Determine days worked to report per pay period:

182 days ÷ 21 pay periods = 8.67 days

Use the above information to determine how many days worked should be reported each month:

January with two pay periods: The days worked reported equal 17.33

February with two pay periods: The days worked reported equal 17.33

March with three pay periods: The days worked reported equal 26.00

 

Even though, for example, there are not as many working days in the month of February because of the vacation week, consistent days worked and salary should still be reported. If any employees were on unpaid leave, your monthly report should reflect a reduction in their days worked and reported salary.

 


Note: For employees who decide to defer payments (so they receive a “balloon payment” in June or possibly additional money in July), do not report extra days worked in June or July. Follow the same procedure cited above for calculating days worked.


 

Full-Time Ten-Month Employees Paid Over 12 Months

In certain situations, employees work the ten-month school year session and choose to be paid over 12 months. This allows employees to collect their salary throughout the entire calendar year. If this is the case, the days worked should only be reported over the ten-month school year session. You should not report any days worked in the months of July and August. For example, a ten-month cafeteria employee works full-time and has decided to collect her salary over 12 months. The days worked should be reported over the ten-month school year session. To determine the days to be reported, divide the total days for the school year session by the pay periods reflective of ten months.

 

Example:

In the following example, assume there are 26 biweekly pay periods in the 12-month time frame and 22 biweekly pay periods in the ten-month time frame. When reporting for this employee:

Determine days worked to report per pay period:

182 days ÷ 22 pay periods = 8.27 days per pay period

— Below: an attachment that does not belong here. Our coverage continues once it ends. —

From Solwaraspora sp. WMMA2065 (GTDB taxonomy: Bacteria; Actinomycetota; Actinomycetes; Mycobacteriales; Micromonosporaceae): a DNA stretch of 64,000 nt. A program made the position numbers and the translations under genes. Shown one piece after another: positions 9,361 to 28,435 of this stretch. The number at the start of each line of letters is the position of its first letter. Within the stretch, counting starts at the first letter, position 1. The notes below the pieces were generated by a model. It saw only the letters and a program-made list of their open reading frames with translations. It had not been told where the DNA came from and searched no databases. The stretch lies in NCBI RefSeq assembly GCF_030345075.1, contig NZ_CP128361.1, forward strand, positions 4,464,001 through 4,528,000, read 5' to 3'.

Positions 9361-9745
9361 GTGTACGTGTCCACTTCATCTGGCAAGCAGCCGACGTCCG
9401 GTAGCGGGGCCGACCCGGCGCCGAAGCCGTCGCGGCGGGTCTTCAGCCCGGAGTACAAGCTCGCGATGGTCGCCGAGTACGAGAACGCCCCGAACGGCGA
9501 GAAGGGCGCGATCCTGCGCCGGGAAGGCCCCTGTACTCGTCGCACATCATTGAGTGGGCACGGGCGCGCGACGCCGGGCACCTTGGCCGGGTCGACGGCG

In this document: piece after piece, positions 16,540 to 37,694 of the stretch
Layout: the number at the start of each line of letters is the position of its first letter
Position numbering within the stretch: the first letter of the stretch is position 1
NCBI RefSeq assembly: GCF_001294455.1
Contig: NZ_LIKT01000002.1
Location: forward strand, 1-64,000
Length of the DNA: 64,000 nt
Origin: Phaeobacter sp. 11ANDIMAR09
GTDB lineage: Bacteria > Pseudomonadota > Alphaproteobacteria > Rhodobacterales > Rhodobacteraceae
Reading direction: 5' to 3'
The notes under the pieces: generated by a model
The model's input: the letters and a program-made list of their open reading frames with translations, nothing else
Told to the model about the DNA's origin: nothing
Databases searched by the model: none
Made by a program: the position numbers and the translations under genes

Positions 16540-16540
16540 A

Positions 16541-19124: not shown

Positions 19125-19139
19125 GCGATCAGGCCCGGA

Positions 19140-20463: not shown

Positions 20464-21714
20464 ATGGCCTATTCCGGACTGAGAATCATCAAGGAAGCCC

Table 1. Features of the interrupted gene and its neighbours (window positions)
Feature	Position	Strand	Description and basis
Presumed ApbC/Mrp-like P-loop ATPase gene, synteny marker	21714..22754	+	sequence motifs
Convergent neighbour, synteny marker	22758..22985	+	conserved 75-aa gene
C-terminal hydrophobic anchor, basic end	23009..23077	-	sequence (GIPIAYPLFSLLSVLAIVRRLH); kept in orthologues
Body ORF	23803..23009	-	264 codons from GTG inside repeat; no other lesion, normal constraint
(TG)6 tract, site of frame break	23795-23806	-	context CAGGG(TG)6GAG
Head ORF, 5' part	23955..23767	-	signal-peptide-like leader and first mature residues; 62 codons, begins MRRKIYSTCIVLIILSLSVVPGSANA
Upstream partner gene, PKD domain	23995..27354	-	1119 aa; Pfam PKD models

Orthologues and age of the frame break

Use the above information to determine how many days worked should be reported each month:

January with two pay periods: The days worked reported equal 16.55

February with two pay periods: The days worked reported equal 16.55

March with three pay periods: The days worked reported equal 24.82

July with two pay periods: The days worked reported equal 0.00

August with three pay periods: The days worked reported equal 0.00

The above scenarios are for ten-month, full-time employees. If any employees were on unpaid leave, your monthly report should reflect a reduction in their days worked and reported salary.

 

Part-Time School Employees

If your part-time employees are paid on an hourly basis, their days worked should be calculated based on the hours worked during the reporting period. For more details, refer to the calculations for Employees of Counties, Cities, Towns, Villages and Miscellaneous Employers (e.g., Libraries and Authorities).

If your part-time employees work consistent hours and their salary is annualized, their reported days worked should be annualized as well. The same rule that applies to full-time employees, as described above, also applies to part-time employees.

  • Divide the total number of hours for the school year by the SWD to determine the total number of days worked to report for a year.
  • Divide the total number of days worked to report for a school year by the number of pay periods in that school year to determine the days worked for each pay period.
  • Multiply the days worked for each pay period by the number of pay periods in that month to determine the total days worked to report for the employee.

 


Rev. 2/20